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Is it Better to Get a Car Loan from a Bank or Credit Union?

In many cases it is better to get a car loan from a credit union. The main reasons are that credit unions typically work with lower credit scores than large banks, charge lower interest rates, and have fewer fees.

Auto Loan APR Comparison:  Banks vs Credit Unions

Statistics gathered by the National Credit Union Administration (NCUA) have shown that credit unions charge an average of two and a half percentage points less than traditional banks for a car loan. Here are some specifics from this report:

Loan Credit Union Bank
48-Month Used Car 2.90% APR 4.21% APR
48-Month New Car 2.68% APR 3.74% APR

A lower interest rate should keep your monthly payments down, allow you to pay less in total interest, and keep you from being upside-down on your loan for as long.

Minimum Auto Loan Credit Scores:  Banks vs Credit Unions

Large lenders try to protect themselves from bad loans by working with higher credit scores. This minimizes their investment risk, and keeps them from having to deal with issues like repossessions as often. In most cases large banks require a credit score of 670 or higher in order to offer you a car loan. Anything below this, and chances are they will turn your application without a second thought. Credit unions, on the other hand, often will work with scores as low as 620. From 620 to 680 is considered subprime credit, while “bad credit” is starts at 620 and lower. Lastly, credit unions have fewer fees that they attach to their services and the fees that they do charge are generally much lower than a banks will be. Since many lenders attach an ”origination” fee to loans, you will save money from the start by using a credit union.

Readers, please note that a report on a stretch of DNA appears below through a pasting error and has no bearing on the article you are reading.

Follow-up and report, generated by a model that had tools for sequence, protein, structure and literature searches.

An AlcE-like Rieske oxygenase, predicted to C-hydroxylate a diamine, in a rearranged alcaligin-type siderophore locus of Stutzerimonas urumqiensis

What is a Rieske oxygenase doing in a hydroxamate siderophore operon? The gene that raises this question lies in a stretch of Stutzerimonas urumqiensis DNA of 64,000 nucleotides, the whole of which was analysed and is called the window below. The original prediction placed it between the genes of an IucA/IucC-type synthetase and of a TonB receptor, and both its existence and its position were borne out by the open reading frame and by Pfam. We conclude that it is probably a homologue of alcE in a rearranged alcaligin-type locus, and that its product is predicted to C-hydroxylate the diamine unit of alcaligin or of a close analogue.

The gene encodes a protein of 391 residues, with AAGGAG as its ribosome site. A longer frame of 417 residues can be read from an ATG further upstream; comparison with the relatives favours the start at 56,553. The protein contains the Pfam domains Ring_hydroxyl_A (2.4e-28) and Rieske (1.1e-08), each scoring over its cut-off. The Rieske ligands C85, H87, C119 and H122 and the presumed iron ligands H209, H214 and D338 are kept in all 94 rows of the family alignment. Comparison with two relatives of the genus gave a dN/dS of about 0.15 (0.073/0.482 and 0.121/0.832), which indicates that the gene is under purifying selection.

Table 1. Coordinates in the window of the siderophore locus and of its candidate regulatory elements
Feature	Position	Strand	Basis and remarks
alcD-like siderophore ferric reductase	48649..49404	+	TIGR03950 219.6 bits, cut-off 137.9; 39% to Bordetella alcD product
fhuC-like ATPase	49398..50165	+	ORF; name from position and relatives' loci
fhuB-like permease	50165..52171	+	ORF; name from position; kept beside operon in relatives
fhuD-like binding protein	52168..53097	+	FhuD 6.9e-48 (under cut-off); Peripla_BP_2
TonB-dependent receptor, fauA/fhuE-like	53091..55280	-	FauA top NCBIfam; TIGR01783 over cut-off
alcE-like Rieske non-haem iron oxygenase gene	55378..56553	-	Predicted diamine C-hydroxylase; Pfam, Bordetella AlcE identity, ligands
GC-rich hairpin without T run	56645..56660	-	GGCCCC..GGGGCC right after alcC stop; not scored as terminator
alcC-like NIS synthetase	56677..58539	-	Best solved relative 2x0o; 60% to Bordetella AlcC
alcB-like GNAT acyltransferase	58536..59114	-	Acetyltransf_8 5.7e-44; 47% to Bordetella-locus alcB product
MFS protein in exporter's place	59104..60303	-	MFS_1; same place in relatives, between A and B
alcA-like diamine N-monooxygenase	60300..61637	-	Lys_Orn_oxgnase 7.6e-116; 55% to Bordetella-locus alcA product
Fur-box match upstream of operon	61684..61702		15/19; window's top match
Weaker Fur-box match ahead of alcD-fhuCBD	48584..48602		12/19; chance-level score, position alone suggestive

If your score is too low for a credit union, don’t fret. There are subprime auto lenders who can still approve you for financing, and we can help. Submit your application, and we’ll match you with a lending specialist who can guide you step by step through the process.

Credit Union Membership

You might be worried that you’re not eligible to join a credit union, but you’d be surprised how open many are in terms of membership requirements. You can find a CU in your area, and review eligibility requirements, through, a website run by the National Association of Federal Credit Unions (NAFCU).  Often you can join simply because of your state or county of residence, and of course there are many employer/occupation-specific credit unions. If you want more information about how bank-financed auto loans work, read our latest article on the subject here.